Nevada will hold a special legislative session in the coming weeks to mull a financing plan for the proposed NFL stadium in Las Vegas.
While there's plenty of support for the construction of the stadium and the Oakland Raiders coming to town, there is opposition.
Essentially, $500 million would come from the Raiders, $650 million from developer Sheldon Adelson and $750 million from a room tax hike.
"They must think we are dumb to raise taxes for their stadium," an opponent said.
"Building a stadium generally transfers income from the public at large to owners and players. So the most equitable thing to do is that the owners and players pay for the stadium," said Thomas Carroll, chief economist at Thomas Carroll and Associates and former UNLV professor.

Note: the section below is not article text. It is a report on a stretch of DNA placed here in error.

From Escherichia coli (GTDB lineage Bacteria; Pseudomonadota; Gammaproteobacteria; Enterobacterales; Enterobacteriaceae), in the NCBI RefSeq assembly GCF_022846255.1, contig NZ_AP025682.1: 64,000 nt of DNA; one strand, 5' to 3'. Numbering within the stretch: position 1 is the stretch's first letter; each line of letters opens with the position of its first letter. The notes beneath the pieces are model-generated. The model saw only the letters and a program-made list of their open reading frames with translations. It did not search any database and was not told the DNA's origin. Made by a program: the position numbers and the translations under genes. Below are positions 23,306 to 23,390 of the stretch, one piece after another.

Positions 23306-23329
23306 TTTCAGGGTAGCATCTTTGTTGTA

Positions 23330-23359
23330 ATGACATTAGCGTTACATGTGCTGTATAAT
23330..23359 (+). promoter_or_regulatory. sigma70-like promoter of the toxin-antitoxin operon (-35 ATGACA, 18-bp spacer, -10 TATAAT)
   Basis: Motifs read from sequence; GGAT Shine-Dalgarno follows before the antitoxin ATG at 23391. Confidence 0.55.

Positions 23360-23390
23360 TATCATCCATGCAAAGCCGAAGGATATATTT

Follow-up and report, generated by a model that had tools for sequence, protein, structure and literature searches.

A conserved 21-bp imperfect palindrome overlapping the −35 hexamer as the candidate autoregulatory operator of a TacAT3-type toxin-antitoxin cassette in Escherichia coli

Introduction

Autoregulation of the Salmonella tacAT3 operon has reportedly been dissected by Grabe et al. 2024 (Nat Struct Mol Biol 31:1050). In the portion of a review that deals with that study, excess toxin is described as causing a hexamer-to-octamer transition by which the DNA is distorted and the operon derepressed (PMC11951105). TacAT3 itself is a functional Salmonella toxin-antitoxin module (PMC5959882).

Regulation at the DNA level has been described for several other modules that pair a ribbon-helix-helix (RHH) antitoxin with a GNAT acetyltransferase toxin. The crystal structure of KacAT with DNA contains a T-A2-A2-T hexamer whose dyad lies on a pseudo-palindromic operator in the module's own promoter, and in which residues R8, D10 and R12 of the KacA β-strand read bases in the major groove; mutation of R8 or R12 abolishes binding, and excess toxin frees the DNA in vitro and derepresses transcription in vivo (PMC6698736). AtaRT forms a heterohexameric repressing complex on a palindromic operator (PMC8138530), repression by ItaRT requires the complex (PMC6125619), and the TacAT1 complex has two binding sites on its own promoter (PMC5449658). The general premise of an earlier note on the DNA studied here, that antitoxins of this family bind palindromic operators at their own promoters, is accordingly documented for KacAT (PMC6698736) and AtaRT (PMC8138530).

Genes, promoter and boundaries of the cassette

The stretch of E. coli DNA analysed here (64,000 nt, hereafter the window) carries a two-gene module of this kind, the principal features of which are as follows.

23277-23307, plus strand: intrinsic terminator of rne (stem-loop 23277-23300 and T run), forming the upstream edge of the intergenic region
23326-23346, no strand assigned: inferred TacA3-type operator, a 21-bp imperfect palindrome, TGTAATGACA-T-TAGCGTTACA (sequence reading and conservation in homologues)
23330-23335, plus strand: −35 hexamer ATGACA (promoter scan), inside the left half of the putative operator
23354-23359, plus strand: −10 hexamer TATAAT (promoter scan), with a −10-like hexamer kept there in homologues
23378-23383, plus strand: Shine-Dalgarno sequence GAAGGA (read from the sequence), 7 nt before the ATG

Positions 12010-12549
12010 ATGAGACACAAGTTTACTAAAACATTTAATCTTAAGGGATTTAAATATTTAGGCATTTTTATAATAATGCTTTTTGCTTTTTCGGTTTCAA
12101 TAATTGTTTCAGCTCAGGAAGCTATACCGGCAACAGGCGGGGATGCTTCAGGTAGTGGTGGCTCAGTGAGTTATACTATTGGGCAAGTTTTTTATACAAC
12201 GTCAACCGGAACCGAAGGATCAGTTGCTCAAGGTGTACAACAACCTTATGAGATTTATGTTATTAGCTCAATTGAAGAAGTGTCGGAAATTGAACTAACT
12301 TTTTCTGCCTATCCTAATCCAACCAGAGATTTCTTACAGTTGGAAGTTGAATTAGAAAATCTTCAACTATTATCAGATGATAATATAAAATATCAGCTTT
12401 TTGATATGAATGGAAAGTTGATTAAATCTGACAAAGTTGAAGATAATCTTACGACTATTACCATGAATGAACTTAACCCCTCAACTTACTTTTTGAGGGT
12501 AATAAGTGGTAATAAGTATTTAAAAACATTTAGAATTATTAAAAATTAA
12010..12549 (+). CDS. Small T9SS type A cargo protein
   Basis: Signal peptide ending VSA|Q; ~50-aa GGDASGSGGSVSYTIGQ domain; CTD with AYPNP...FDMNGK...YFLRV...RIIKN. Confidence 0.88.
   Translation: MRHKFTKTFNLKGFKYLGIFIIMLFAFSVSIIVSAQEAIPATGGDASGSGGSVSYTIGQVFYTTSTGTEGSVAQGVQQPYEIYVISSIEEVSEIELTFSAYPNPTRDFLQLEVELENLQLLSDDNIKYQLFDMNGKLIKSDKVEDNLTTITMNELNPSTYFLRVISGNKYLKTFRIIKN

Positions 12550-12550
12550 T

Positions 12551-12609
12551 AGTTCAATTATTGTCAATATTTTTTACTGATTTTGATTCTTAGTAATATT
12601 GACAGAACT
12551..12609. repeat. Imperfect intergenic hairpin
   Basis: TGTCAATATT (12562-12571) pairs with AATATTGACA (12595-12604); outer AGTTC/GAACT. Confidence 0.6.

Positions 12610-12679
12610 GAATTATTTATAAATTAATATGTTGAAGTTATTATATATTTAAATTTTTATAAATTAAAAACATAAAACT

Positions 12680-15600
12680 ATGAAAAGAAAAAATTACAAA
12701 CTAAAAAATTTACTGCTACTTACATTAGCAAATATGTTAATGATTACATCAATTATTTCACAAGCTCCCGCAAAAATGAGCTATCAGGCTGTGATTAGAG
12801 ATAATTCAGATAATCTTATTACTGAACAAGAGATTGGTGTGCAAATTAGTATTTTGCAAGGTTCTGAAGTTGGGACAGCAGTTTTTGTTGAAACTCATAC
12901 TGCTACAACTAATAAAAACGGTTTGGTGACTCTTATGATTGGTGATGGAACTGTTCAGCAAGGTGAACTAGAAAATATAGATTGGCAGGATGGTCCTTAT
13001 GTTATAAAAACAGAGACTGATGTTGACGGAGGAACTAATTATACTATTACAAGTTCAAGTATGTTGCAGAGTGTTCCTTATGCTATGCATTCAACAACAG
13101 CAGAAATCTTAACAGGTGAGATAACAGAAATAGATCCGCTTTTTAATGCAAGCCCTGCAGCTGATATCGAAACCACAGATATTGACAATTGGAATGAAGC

"That's the real danger. Why does the public have to finance the investment for people that are already wealthy?" Carroll asked.
If the plan is approved, the project will create jobs, especially during the construction phase. Nearby businesses will benefit as well.
"Activities near the stadium will gain. Property values would go up. But if you draw activities from other places, property values and economic activity could go down elsewhere," Carroll said. "What you really need to do is sit back and say, 'Is this such a good deal? And if it's such a good deal, why does it have to be publicly financed?'"
Developers argue the public commitment will be covered by tourists and that the project will translate to long-term, big-picture growth for the Las Vegas Valley.
Carroll said that's not a guarantee.